If you’re buying a property to rent or sell for investment purposes, it’s very important that you have a clear picture of how this impacts on your tax liabilities. If you want to renovate a property and then sell it for a profit, there could be implications for income tax, capital gains tax and GST.
An investment property can be a great investment, but unless you’re very cluey about tax (or willing to do plenty of research), it’s something you’re probably best to discuss with an accountant so that you can properly manage your tax credits and liabilities.
GST and investment properties
Building or very substantially renovating a residential investment property for sale may trigger a GST liability, and the ability to claim GST credits. Generally speaking if you’ve developed a property and it’s considered to be a ‘new residential premise’ then you may be entitled to claim GST credits for purchases you make that go towards the sale of the property. Likewise however, if this is the case you’ll also be liable for GST on the sale of the property.
The ATO defines residential premises as new when:
- they haven't been sold as residential premises before
- they've been created (or recreated) through substantial renovations
- new buildings are replacing demolished buildings on the same bit of land.
If it’s an existing property that you’re renovating for sale, you generally can’t claim GST credits for purchases towards the sale – and nor are you liable for GST. There are exceptions to this, of course, particularly if the property’s also used for commercial purposes. In most cases, existing properties are input taxed.
Capital gains tax liabilities
If the investment property you develop or renovate is sold and you make a capital gain less than 12 months after the original purchase, the full gain is going to be subject to capital gains tax.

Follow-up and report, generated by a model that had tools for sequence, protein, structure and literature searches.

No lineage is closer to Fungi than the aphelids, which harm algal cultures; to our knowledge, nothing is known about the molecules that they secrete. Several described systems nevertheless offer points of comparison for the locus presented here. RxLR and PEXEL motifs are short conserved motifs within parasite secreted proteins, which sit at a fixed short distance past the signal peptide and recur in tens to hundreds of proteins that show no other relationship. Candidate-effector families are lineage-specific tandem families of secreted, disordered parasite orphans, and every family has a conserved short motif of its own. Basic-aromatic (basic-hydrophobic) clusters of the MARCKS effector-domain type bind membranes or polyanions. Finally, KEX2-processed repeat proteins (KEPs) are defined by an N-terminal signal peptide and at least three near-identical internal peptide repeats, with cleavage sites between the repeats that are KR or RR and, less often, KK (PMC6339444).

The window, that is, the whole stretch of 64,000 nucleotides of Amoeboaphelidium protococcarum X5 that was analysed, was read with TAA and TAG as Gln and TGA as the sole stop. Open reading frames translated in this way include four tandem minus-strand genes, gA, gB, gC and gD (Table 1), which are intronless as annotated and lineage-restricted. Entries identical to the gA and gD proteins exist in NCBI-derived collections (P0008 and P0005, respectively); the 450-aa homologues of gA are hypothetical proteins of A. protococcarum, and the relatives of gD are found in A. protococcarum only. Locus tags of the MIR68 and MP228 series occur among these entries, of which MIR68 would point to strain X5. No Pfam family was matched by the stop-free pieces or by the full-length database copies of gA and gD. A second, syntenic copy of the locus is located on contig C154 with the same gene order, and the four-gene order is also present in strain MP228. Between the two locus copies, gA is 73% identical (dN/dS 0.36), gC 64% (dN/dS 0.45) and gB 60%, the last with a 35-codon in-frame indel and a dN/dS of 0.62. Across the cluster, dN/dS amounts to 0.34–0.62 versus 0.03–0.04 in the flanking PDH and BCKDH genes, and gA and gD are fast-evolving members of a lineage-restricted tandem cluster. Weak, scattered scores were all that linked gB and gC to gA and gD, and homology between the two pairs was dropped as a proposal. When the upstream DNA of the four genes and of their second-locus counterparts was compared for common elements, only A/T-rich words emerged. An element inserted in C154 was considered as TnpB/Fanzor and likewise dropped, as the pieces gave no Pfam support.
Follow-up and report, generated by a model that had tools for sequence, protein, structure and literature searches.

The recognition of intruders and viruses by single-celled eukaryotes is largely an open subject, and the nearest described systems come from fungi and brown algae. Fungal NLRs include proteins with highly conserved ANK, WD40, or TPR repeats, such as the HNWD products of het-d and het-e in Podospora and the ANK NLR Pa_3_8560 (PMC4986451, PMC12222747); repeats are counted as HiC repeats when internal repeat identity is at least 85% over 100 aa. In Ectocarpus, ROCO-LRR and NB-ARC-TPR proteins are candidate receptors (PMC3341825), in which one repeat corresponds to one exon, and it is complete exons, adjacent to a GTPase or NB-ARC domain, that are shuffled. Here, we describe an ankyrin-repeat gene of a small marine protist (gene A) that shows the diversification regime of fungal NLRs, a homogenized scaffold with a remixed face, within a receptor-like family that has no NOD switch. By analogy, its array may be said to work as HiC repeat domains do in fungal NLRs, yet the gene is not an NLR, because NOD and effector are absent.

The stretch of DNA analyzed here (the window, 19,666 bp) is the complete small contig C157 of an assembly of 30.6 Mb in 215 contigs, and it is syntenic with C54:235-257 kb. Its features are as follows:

If you hold the property for longer than 12 months a 50% discount is applied to your gain on the value of the home - this amount is then subject to capital gains tax.
There are plenty of rules, exceptions, and concessions when it comes to capital gains tax. To see how capital gains will apply to the sale of your rental property, your best bet is to visit the ATO’s website, or have a talk to your accountant.
Income tax, negative gearing and positive gearing
If you own an investment property in Australia, the profits or losses you make from your investment form part of your overall taxable income.
If the interest on the mortgage for your investment property outweighs the income you get from rent, you can claim negative gearing deductions from your assessable income (e.g. your salary or business income). Negative gearing deductions can cover things like the costs of interest on your loan, depreciation, and other rental deductions including property management fees, rates, loan costs and taxes, and maintenance and repair costs.
On the other hand, if you’re making a profit from your investment property above your mortgage interest, it’s said to be ‘positively geared’ – and you’ll need to pay tax on that income.
The exact details and how much you’re able to claim will vary depending on several other factors, and as with all things tax, you should consult your accountant about how best to manage income or losses from your investment property.